UK Supreme Court approves alcohol minimum pricing

Today the UK Supreme Court has approved Scotland’s Alcohol (Minimum Pricing) Act, ruling against The Scotch Whisky Association’s (SWA) final chance of appeal.

 

Five years after the  bill was backed by MSP’s at Holyrood, the new legislation is set to enforce a 50p minimum price per unit on alcohol.

The flagship policy formed a package of 41 proposals that aim to reduce alcohol harm and consumption in Scotland.

Scotland’s Health Secretary, Shona Robinson said:

”Alcohol is 60 percent more affordable in the UK than it was in 1980 and alcohol misuse costs Scotland £3.6 billion each year- £900 for every adult.

”There is strong evidence that tackling price helps reduce consumption and related harm.”

The Scotch Whisky Association, acting on behalf of global alcohol producers, has fought the legislation’s enactment since 2012.

(SWA) claimed that the measures were illegal under EU law, distort competition and see health take precedent over the right to free trade.

During court proceedings, QC Adam O’Niell said:

”It is a political decision that pricing should be used to decrease alcohol consumption and improve public health.

”We point out that there are a whole number of ways in which pricing can legitimately be used in accordance with EU law to achieve those aims.”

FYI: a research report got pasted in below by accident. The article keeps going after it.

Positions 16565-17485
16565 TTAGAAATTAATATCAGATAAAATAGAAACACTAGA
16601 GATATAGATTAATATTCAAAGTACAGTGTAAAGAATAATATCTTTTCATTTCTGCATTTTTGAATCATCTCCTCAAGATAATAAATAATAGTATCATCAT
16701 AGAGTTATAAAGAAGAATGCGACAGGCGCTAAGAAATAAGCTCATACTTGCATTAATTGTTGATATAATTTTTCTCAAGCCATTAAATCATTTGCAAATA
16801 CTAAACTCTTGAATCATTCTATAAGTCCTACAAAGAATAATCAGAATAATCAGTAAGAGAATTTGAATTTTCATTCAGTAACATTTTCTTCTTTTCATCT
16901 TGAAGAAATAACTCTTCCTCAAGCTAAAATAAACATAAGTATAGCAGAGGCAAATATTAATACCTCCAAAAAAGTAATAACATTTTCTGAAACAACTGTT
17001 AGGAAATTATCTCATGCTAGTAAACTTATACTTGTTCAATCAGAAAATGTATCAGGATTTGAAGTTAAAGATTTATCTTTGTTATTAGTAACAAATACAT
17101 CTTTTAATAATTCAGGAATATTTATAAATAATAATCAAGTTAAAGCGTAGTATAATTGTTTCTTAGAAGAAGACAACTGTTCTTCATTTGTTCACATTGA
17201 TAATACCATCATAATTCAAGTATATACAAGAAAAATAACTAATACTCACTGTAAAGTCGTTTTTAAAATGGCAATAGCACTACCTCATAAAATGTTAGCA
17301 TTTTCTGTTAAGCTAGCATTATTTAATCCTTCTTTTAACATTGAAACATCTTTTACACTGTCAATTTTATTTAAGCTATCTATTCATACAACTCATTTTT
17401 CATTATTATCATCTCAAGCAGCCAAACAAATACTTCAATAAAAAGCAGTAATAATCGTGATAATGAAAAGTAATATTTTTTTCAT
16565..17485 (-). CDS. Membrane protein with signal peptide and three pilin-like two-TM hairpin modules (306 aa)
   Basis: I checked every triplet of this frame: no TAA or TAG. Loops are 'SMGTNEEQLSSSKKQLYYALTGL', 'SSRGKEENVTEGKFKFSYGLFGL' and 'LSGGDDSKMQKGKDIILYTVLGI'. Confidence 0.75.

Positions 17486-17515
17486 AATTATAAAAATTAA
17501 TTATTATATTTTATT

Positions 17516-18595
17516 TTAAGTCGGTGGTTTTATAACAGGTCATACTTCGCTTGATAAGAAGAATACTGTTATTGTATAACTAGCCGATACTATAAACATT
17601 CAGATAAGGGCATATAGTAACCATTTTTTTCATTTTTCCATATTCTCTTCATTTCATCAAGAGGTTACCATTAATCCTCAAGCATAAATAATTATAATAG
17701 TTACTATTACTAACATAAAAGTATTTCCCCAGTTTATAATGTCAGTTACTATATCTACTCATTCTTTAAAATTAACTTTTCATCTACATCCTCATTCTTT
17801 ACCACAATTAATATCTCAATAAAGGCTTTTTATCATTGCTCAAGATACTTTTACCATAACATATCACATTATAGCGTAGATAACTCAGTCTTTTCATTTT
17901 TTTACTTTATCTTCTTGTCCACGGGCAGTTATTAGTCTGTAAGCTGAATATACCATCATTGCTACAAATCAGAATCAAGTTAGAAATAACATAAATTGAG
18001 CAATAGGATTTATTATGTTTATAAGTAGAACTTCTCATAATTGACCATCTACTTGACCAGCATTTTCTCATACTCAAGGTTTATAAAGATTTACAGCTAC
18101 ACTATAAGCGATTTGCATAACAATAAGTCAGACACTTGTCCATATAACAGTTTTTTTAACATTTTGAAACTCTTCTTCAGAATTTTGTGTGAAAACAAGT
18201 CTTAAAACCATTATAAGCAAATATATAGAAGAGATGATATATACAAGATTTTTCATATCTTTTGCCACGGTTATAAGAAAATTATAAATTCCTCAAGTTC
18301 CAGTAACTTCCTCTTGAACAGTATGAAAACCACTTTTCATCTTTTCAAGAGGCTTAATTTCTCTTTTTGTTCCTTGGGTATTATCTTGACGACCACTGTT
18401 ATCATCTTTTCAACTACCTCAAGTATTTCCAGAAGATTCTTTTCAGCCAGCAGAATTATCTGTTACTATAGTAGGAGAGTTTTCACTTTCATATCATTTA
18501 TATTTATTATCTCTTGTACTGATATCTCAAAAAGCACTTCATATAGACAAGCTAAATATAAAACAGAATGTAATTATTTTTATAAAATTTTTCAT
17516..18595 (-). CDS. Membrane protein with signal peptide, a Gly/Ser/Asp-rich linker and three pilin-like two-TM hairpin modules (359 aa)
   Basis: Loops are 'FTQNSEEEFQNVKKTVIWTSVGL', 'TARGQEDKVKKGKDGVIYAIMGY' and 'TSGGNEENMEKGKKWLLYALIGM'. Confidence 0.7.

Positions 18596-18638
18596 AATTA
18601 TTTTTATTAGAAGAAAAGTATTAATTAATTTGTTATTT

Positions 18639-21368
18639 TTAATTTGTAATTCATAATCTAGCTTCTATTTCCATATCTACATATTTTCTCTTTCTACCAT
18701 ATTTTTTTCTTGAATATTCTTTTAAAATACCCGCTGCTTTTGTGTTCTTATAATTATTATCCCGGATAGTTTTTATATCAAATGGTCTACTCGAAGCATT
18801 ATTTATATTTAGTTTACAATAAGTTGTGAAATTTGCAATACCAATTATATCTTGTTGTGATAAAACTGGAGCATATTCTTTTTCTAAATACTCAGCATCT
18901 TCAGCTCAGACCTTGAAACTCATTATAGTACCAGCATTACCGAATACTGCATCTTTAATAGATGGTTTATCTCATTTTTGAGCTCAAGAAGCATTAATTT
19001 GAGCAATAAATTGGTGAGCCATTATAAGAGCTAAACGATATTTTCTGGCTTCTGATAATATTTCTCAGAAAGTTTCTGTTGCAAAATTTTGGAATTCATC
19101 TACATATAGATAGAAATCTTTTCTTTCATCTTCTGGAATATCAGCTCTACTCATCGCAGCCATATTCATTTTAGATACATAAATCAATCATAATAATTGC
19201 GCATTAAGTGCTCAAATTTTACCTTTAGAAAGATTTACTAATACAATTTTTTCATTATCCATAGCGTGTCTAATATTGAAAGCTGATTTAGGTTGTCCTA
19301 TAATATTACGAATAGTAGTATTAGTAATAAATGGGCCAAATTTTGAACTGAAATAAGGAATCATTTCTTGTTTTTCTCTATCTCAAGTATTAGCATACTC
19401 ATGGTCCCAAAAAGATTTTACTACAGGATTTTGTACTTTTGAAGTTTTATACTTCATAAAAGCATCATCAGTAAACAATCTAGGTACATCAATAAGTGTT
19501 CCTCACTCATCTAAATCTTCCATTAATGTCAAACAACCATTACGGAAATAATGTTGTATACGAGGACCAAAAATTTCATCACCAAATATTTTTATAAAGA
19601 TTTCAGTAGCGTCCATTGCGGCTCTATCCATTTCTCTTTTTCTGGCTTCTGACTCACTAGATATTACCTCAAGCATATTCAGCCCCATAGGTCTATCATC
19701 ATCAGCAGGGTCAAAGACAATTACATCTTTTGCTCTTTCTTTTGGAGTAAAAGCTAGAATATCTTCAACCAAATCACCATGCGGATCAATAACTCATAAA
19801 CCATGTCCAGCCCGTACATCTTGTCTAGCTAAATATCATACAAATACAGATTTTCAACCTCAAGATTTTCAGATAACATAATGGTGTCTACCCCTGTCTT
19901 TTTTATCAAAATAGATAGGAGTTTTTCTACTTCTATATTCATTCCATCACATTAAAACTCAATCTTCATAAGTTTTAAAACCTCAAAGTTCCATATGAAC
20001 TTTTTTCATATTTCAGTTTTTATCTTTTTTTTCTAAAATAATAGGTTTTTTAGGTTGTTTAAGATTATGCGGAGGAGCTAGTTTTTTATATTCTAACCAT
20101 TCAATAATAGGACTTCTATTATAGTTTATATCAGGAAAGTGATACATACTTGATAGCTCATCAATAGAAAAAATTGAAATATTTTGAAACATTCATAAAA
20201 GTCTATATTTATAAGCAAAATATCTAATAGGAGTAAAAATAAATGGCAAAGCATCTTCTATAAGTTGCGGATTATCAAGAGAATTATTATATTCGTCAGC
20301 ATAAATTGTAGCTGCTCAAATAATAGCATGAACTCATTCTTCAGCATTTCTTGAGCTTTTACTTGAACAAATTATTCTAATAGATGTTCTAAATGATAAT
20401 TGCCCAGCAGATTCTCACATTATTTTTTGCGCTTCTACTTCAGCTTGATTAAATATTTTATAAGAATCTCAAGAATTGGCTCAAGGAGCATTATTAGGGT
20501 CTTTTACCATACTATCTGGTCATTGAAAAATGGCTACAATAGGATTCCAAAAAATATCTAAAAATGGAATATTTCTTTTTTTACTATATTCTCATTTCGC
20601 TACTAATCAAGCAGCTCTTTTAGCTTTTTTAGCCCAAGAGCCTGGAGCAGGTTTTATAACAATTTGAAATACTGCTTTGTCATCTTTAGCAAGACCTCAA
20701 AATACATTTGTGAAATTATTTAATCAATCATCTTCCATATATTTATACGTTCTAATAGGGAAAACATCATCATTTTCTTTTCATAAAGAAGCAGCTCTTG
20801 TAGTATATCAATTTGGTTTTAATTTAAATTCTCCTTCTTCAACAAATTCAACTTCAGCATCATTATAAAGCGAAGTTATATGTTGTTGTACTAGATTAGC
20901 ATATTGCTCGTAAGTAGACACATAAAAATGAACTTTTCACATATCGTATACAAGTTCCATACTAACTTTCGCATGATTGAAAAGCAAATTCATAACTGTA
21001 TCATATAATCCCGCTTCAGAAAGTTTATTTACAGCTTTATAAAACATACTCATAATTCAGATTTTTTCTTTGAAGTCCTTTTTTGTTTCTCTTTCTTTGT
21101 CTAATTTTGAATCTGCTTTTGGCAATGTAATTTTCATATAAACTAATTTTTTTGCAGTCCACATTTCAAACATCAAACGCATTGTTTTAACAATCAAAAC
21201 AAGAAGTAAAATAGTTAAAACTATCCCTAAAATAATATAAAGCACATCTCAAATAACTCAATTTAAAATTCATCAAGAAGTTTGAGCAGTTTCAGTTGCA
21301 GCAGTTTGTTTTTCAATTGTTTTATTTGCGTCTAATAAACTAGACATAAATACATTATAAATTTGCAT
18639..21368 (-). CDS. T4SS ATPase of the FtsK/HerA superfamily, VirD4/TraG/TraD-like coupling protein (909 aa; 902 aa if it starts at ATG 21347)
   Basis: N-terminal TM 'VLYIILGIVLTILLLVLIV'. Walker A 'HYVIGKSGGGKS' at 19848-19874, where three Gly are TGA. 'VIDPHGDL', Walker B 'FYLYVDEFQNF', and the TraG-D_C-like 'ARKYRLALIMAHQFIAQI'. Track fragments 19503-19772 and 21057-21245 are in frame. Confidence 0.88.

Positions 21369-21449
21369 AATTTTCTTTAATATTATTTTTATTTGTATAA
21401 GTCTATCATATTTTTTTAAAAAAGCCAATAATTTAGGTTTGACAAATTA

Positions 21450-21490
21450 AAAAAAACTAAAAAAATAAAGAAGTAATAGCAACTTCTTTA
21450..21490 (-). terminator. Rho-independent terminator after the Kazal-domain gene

The Scottish Grocer’s Federation (SGF) also expressed their concern, asserting that a minimum pricing will push small convenience stores out of the market.

In recent debate, SGF’S Chief Executive, Pete Cheema, had said:

”A significant sales drop will benefit the large supermarkets as they will be able to cope better.”

Despite the sustained legal challenges seven Supreme Court judges have made the unanimous decision that the legislation is legally sound.

Responding to the defeat, Scotch Whisky Association chief executive, Karen Betts, released this statement:

“We will now look to the Scottish and UK Governments to support the industry against the negative effects of trade barriers being raised in overseas markets that discriminate against Scotch Whisky as a consequence of minimum pricing, and to argue for fair competition on our behalf. ”

Under the new laws, a bottle of wine will cost at least £4.69, a pack of four 500ml lagers will cost £4.00, while the cheapest bottle of whisky will cost at least £14.00.

A survey revealed that currently approximately half of all alcohol sold in Scotland does not meet the new pricing standards.

However, with the new measures set to be in place ‘as quickly as is practicable’ the changes are expected to come in to effect before Christmas.

 

Photo Credit: Robfoto

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